“The SNP is being accused of using the row over Brexit powers as a “dry run” to push through legislation for a second independence referendum at the Scottish Parliament. Ministers announced last week they would press ahead with a Scotland-only Brexit Bill at Holyrood, despite Presiding Officer Ken Macintosh judging it to be outwith the Scottish Parliament’s Powers. This is the first time any Scottish Government has defied Holyrood chiefs in such a way… But Tory MSP Donald Cameron has now warned the SNP could repeat the “wilful ignoring” of parliamentary authorities when it comes to legislating for a referendum re-run. He said the Scottish Government would cite the case of the UK Withdrawal from the European Union (Legal Continuity) (Scotland) which is being rushed through Holyrood this month. MSPs will vote on the measures today and it will be finally passed in a fortnight.” – The Scotsman

  • Former SNP minister leaves party over treatment of women – Daily Telegraph

Cameron receives lobbying ban

“David Cameron has been slapped with an ‘extended lobbying ban’ after taking a new job advising a genetics firm. The ex-Prime Minister was ordered not to approach current members of the Government in his new post at California-based Illumina. Mr Cameron has taken on the post after praising the firm’s ‘incredible’ work and reflecting on how it would have helped his late son Ivan, who suffered from a rare neurological disorder. While PM, Mr Cameron set up Genomics England, a government-owned company tasked with mapping 100,000 whole genomes from patients with rare disorders. Genomics England has a £77 million partnership with Illumina and the close ties have meant the Whitehall watchdog charged with managing ex-ministers conflicts of interest ordered Mr Cameron to stay under strict rules until he had been out of office for two years.” – Daily Mail

Communists ordered to work ‘full tilt’ to elect Corbyn

“Communist Party members have been ordered to work ‘full tilt’ to get Jeremy Corbyn into Downing Street after they decided they would no longer stand candidates against Labour. Susan Michie, of the Communist Party of Britain, said the two parties were in a ‘really good situation to work much more closely than we have in the past’. At a meeting of activists in North London on Monday night, she confirmed the party would campaign for Labour at the next election. Professor Michie said: ‘At the 2017 general election we decided not to contest in the election, and fully support Jeremy Corbyn, and CPB has agreed that supporting Labour is the priority and that it would be inappropriate to stand candidates’… She added: ‘Communist Party members should absolutely be involved in electoral work, and working full tilt to get Jeremy elected as leader, and the Labour Party into government.’” – Daily Mail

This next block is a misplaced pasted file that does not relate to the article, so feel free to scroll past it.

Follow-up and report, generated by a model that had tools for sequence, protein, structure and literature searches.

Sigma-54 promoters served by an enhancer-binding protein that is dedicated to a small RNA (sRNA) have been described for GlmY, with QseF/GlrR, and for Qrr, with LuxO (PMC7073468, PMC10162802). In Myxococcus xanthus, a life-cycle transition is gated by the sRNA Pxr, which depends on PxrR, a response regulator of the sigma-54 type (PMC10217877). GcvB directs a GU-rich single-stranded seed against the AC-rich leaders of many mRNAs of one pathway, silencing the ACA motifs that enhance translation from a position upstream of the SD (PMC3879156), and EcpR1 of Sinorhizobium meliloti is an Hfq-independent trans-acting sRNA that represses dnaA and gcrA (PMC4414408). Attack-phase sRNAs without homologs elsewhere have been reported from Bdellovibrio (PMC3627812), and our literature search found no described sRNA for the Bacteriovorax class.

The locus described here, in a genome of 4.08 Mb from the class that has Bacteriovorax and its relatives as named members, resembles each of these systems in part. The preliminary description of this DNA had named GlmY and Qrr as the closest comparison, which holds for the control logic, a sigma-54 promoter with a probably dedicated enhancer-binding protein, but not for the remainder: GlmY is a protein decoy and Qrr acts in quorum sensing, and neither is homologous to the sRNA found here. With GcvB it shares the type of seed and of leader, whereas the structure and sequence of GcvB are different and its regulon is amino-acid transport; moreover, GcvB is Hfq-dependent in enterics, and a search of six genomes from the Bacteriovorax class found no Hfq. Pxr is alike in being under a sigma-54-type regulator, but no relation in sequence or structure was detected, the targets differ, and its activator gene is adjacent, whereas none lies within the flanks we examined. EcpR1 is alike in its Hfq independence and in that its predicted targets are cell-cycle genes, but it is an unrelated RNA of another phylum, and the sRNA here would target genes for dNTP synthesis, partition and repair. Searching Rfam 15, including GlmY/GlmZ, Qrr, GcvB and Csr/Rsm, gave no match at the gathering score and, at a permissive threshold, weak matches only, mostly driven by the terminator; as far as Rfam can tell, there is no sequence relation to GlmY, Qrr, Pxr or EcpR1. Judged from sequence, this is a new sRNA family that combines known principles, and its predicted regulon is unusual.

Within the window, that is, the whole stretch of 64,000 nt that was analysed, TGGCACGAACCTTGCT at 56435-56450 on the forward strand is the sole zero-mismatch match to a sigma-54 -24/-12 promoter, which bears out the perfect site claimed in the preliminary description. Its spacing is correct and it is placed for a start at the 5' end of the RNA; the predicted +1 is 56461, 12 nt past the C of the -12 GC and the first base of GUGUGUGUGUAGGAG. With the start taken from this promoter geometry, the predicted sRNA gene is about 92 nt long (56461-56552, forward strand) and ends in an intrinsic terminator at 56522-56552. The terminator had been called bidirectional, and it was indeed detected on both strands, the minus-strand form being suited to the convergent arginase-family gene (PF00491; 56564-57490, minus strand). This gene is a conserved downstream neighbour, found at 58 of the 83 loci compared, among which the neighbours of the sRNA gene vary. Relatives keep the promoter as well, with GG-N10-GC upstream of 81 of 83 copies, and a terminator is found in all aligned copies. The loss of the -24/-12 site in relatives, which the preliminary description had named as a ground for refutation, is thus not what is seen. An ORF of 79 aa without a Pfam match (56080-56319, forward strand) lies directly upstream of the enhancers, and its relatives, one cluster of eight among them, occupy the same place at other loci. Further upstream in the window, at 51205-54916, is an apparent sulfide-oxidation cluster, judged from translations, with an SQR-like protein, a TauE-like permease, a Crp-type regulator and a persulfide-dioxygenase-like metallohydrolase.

• McDonnell backs £1.5 billion tidal energy plan – FT

Transgender model quits as Labour adviser

“A transgender Labour Party adviser has resigned after The Times revealed offensive comments she made on Twitter, as the party said that anyone who “self-identifies” as female will be allowed on its women-only shortlists. Munroe Bergdorf, 31, announced yesterday morning that she had stepped down from her position because of “attacks on my character by the conservative right wing press”. Her resignation came on a key day for Labour in its approach to transgender rights. The party’s equalities committee approved a statement opening its women-only parliamentary shortlists to “self-defining” transgender women, without the need for them to have legally changed gender. The text, obtained by Huffington Post, must be approved by Labour’s full national executive committee.” – The Times

Ex-UKIP leader sets up (another) new party

“The ousted leader of Ukip has launched his own political party. Henry Bolton said yesterday that he had set up OneNation, a “100 per cent Leave” party, to try to unite the UK after a “highly divisive Brexit debate”, and to secure independence for Britain in all areas of law, government and public administration. Last month Ukip members backed a motion of no confidence in him at an emergency meeting, ending his stint at the helm after less than six months… Mr Bolton explained on OneNation’s website why he had set it up: “There is a need for a truly professional political party that believes in Britain, that preserves our national identity, culture, heritage and confidence and talks our great nation up rather than down.” He added that Ukip had enjoyed that position until the EU referendum but its influence had since diminished.” – The Times

  • Chiefs admit that ‘People’s Army’ is days from bankruptcy – The Sun
  • Party official demands compensation over logo change – Daily Telegraph

News in Brief:

  • Selmayr scandal threatens to engulf European Commission – Iain Martin, Reaction
  • Our trade policy must put power in the hands of consumers – Ranil Jayawardena MP, Brexit Central
  • Can South Africa’s catastrophic land grab be stopped? – Marian L Tupy, CapX
  • Why opponents of the Thatcher statue are wasting their time – Isabel Hardman, The Spectator